- HFCS can cause leaky gut syndrome. (12)
- HFCS is one of the main reasons why so many people have cancer today. (13, 14)
- And the list goes on…
Americans consume an average of 50 grams of HFCS every day and the American Nutrition Association has stated that, (11)
“According to the American Heart Association (AHA), the average adult in the United States takes in 22 teaspoons of added sugar a day, or a whopping 150 pounds a year, while teens pile in 34 teaspoons a day. That’s more than twice the amount of sugar we should be eating.” (15)
And if this weren’t enough, the real danger is that sugar and high fructose corn syrup are literally everywhere and completely impossible to avoid if your diet consists of processed, fast foods!
AGAVE NECTAR vs. Sugar & High Fructose Corn Syrup?
In the words of Dr. Jonny Bowden, Ph.D., C.N.S., “Agave syrup (nectar) is basically high-fructose corn syrup masquerading as a health food.” (16)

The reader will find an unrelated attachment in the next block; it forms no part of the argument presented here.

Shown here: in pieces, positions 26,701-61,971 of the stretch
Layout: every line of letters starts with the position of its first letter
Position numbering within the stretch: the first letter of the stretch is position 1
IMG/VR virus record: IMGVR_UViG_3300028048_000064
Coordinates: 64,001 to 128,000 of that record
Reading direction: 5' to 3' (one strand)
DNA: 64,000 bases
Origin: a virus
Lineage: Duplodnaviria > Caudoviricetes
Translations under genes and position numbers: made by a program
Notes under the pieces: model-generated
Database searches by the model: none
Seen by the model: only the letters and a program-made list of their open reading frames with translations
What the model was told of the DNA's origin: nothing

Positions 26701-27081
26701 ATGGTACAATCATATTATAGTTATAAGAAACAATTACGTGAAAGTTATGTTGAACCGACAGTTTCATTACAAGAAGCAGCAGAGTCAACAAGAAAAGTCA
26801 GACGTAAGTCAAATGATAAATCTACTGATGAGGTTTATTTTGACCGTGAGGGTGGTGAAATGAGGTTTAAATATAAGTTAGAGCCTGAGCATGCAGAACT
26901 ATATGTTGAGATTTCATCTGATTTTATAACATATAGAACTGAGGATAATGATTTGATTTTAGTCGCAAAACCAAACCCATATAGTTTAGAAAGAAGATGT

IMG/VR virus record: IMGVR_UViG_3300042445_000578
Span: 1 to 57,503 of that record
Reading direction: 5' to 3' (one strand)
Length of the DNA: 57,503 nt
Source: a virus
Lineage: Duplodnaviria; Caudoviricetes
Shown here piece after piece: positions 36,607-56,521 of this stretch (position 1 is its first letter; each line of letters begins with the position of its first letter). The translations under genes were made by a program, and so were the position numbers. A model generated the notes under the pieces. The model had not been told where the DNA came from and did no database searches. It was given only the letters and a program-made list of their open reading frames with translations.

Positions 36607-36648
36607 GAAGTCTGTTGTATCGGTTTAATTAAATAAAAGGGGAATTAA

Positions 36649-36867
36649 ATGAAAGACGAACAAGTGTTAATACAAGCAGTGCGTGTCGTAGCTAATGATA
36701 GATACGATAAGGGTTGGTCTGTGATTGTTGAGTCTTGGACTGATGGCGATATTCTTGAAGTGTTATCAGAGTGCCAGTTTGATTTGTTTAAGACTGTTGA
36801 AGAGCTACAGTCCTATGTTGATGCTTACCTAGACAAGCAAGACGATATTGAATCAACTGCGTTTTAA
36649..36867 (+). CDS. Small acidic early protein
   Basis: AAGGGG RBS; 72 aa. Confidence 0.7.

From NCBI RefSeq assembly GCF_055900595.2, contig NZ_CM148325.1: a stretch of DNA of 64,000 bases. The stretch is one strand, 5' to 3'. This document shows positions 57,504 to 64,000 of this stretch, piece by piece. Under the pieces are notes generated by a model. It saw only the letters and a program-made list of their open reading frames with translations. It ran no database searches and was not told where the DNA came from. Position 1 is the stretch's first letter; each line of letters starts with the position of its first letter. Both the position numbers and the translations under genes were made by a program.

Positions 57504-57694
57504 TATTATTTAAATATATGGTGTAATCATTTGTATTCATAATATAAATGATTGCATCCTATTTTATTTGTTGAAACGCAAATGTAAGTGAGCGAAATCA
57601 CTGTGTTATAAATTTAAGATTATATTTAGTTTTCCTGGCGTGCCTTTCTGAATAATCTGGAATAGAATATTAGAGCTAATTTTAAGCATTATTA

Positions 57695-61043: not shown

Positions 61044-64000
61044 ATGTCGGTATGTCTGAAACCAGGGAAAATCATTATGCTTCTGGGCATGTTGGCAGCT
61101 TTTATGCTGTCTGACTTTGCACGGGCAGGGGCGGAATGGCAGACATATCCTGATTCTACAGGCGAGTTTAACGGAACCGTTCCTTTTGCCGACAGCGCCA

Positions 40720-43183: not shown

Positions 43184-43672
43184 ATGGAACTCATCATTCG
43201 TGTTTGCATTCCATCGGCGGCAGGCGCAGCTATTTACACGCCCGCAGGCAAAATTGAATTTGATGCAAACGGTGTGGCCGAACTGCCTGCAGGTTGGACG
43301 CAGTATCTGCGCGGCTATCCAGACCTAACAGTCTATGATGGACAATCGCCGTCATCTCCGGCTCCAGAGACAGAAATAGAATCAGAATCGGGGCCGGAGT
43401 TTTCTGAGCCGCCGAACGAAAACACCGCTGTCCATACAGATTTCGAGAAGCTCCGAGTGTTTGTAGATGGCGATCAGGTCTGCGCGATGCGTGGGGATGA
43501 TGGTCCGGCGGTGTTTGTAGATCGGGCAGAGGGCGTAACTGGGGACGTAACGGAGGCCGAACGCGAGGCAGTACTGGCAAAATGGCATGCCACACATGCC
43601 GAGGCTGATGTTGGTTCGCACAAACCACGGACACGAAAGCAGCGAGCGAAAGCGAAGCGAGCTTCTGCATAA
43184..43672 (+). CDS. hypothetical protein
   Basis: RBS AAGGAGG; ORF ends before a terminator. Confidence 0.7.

In its original, natural form extracts from the agave plant contain strong antioxidant and anti-inflammatory properties. However, none of these beneficial elements are present in the agave that we see in the stores. This is why most natural health experts agree that agave nectar isn’t all that it’s cracked up to be:
- It has a low-glycemic index because it’s largely made of fructose, the single most damaging form of sugar.
- It has the highest fructose content of any commercial sweetener on the market.
- Compared to the 1:1 fructose/glucose ratio of sugar and high fructose corn syrup, agave nearly has a whopping 2:1 ratio.
According to Dr. Bowden,
“Research shows that it’s the fructose part of sweeteners that’s the most dangerous. Fructose causes insulin resistance and significantly raises triglycerides (a risk factor for heart disease). It also increases fat around the middle which in turn puts you at greater risk for diabetes, heart disease and metabolic, syndrome (AKA pre-diabetes).” (16)